As stated above, there is a clear difference between the situation in Afghanistan and Hong Kong and the situation in Ukraine, namely the extent to which the UK has a direct colonial history in the region. Nevertheless, given the political support at home and abroad, we could see a scheme introduced to ameliorate any refugee crisis that unfolds at the displacement of people from Ukraine.

What about the current position in the UK?

Absent any bespoke re-settlement scheme, Ukrainian nationals who can reach the UK will need to make a conventional application for asylum or humanitarian protection. This means that they will need to prove that they are at a real risk of persecution for a ‘convention reason’ (like race, sexuality, religious belief, or political opinion), or that there is a real risk their human rights will be breached if they are forced to return.

The worse the situation in Ukraine becomes, the more likely it is that such claims will be accepted. In the past, the mere fact of war has occasionally been sufficient to result in the grant of a visa to stay in the UK – where the war is so widespread and severe that anybody who goes back would face a risk of death or inhuman or degrading treatment.

In 2020, the Upper Tribunal handed down an unhelpful judgment on asylum for Ukrainians who refuse to be conscripted to fight on behalf of their country. The Tribunal held that such individuals were unlikely to be persecuted because of a lack of evidence that they would face criminal or administrative proceedings, and because it was not likely that Ukrainian conscripts would be required to engage in conduct that amount to a breach of international humanitarian law.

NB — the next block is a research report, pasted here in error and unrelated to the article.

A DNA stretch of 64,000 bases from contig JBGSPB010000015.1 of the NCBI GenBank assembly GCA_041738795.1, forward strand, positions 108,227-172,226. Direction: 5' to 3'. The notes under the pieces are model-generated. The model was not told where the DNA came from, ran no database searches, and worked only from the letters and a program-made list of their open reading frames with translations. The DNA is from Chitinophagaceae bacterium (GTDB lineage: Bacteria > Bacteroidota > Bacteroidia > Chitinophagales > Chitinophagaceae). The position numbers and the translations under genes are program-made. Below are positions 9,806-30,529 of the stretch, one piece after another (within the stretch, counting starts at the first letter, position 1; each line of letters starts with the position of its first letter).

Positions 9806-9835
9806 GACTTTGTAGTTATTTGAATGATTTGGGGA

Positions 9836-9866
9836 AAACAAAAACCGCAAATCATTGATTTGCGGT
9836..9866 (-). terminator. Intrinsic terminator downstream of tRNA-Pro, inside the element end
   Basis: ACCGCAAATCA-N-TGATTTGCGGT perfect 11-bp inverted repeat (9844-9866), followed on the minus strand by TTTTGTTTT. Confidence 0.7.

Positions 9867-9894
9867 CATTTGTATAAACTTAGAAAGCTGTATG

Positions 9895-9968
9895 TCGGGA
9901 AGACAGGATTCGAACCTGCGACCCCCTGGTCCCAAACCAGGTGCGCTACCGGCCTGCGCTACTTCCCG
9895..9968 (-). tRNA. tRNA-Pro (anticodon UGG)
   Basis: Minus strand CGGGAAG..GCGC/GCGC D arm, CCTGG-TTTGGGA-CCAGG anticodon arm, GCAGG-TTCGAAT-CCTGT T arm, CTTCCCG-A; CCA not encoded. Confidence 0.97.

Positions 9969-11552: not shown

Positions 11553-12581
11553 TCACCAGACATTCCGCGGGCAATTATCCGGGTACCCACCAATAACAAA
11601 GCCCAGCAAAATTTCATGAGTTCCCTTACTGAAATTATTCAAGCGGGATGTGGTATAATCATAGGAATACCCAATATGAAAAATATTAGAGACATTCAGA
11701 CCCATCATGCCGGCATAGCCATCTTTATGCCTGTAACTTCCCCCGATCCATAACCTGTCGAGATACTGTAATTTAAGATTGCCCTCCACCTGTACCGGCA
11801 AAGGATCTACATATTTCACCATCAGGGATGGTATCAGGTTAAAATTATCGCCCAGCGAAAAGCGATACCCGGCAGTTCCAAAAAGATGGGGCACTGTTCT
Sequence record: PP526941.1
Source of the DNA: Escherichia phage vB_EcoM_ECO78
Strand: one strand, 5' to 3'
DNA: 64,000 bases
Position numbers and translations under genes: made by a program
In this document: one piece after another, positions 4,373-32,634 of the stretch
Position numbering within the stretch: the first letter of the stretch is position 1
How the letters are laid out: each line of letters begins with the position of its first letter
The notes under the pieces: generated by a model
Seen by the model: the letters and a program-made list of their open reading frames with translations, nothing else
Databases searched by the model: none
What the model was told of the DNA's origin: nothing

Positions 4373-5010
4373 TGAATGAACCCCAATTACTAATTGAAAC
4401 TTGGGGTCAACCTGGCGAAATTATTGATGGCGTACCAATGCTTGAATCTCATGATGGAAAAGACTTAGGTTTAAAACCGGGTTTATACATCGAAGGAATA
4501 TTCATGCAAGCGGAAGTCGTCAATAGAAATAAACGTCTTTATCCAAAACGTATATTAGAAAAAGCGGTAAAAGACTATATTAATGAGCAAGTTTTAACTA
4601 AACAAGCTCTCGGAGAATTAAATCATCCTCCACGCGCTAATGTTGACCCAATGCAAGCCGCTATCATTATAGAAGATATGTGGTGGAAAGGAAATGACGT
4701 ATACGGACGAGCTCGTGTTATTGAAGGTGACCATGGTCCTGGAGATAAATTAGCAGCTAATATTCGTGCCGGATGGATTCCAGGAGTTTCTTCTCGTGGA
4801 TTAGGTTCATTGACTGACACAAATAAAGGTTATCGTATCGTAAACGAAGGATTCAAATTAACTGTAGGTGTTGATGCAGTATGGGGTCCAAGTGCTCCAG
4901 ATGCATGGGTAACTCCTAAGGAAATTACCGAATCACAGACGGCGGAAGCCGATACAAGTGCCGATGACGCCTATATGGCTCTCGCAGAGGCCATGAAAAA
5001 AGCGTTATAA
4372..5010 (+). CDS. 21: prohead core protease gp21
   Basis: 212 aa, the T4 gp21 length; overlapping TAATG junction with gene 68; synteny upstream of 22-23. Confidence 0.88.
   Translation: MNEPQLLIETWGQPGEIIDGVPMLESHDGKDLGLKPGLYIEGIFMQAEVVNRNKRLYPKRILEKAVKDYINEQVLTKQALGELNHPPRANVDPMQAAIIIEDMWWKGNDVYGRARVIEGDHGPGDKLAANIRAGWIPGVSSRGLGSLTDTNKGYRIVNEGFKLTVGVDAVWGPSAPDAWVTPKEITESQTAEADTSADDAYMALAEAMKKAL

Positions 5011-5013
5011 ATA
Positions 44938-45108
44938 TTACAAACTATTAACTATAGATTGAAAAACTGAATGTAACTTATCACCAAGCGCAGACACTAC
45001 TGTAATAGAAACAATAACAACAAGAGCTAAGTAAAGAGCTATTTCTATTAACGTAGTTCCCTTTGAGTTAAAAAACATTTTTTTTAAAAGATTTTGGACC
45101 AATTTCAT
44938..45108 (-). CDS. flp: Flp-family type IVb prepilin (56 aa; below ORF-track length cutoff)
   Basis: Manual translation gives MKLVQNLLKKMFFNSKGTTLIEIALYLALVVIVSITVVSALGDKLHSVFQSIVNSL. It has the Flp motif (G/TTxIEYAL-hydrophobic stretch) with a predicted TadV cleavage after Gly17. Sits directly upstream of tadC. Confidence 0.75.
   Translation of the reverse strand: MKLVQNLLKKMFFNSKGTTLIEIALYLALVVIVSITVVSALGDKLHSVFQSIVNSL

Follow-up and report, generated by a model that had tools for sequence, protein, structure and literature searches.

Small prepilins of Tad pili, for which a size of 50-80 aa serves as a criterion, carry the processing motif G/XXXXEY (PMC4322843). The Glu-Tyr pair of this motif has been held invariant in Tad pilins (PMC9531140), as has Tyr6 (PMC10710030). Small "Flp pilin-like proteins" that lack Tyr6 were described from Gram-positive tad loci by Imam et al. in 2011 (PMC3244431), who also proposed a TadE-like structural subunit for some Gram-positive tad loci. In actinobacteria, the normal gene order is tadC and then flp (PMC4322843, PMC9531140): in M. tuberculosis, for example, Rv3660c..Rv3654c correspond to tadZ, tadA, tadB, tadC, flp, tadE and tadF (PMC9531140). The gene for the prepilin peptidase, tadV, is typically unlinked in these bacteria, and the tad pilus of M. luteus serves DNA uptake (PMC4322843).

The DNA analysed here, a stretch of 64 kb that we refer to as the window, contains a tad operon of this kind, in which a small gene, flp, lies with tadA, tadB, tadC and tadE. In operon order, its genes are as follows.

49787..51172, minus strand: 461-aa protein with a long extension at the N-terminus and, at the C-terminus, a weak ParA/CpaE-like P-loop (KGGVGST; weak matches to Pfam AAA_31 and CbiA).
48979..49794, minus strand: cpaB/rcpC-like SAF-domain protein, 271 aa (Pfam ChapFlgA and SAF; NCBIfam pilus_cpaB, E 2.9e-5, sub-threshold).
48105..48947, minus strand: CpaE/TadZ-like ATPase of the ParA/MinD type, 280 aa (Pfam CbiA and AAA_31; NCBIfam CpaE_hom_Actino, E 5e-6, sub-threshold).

The Nationality and Borders bill, currently in the House of Lords reading stage, will go further to make claiming asylum more challenging to anyone coming from Ukraine, if it is passed into law (see our previous article). Specifically, this will be due to the “first safe country” concept and the possible removal of an applicant while their claim is processed. If the bill is passed into law, it could make asylum claims inadmissible, especially where Ukrainians may have fled to Poland or Romania to escape conflict before travelling to the UK.

If the conflict between Ukraine and Russia escalates, then it will be worth watching this space for any further decisions. The Payne Hicks Beach Citizenship and Immigration Team are available to advise on any specific cases.

Article by Matt InghamRichard Milford (Citizenship and Immigration Team at Payne Hicks Beach) and Isaac Ricca-Richardson (Garden Court Chambers).